Keep your eyes peeled.

What does that saying even mean?


Have you been to the Serendipity Kits DT Blog lately?


Well… get on over there! You won’t be sorry!

Not only will you see some awesome layouts and projects by some super-talented ladies… but very soon there will be some fabulous surprises!

Check-check-check it out!

About jensmack

Non-Profit HR Director, Scrapbooker, Reader, TV Lover, and Crafter. Also, Neurotic, Sarcastic, Anxiety-filled Mom of Three.
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One Response to Keep your eyes peeled.

  1. RMSJr says:

    [Q] From Mark Kleiman: “Can you enlighten me on the origin of the expression keep your eyes peeled or pealed?”

    [A] It’s spelt peeled, as in peeling an apple. It derives from an old verb pill, “to plunder”, which is the root of our modern word pillage. It came to us from the Latin root pilare, meaning “to take the hair off, pluck” (closely connected with our depilate), but which also had the figurative meaning of “plunder, cheat”, almost exactly the same as the figurative meaning of our modern verbs fleece or pluck. From about the 17th century on, pill was commonly spelt peel and took on the sense of “to remove or strip” in the weakened sense of removing an outer covering, such as a fruit. The figurative sense of keeping alert, by removing any covering of the eye that might impede vision, seems to have appeared in the US about 1850.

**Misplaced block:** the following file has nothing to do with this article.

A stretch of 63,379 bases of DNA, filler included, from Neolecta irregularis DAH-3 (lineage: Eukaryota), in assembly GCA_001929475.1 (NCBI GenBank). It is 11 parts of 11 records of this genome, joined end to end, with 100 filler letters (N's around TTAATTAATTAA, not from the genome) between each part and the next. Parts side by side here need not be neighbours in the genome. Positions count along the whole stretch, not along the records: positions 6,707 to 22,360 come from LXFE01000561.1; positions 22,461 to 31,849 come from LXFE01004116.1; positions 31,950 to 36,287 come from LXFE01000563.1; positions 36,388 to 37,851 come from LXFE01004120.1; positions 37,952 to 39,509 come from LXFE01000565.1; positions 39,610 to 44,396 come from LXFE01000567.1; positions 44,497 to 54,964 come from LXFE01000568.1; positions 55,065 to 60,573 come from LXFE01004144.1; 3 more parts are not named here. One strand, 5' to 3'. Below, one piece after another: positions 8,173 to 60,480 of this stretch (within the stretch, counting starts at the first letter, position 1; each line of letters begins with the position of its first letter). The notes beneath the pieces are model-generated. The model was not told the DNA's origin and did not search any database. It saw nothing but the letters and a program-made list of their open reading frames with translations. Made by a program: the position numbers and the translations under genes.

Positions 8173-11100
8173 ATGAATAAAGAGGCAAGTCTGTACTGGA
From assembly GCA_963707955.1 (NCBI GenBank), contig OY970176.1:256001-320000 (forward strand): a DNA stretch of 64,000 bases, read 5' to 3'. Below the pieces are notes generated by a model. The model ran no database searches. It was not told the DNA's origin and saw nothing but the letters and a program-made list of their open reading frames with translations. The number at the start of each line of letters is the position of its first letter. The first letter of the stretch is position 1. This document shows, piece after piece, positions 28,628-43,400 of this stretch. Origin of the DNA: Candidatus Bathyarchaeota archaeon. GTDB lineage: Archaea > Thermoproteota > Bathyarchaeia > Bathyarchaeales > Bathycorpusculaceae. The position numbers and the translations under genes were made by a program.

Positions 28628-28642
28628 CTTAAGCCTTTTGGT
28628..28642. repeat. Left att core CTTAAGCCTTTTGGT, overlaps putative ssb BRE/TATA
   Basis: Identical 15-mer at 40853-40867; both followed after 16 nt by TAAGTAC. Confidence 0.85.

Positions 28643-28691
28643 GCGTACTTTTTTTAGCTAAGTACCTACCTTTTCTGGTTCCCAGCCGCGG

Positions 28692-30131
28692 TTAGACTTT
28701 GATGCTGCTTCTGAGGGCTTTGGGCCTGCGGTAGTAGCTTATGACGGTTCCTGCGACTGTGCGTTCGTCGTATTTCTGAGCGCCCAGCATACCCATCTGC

AB 2 QG – you know I had to look…. 🙂

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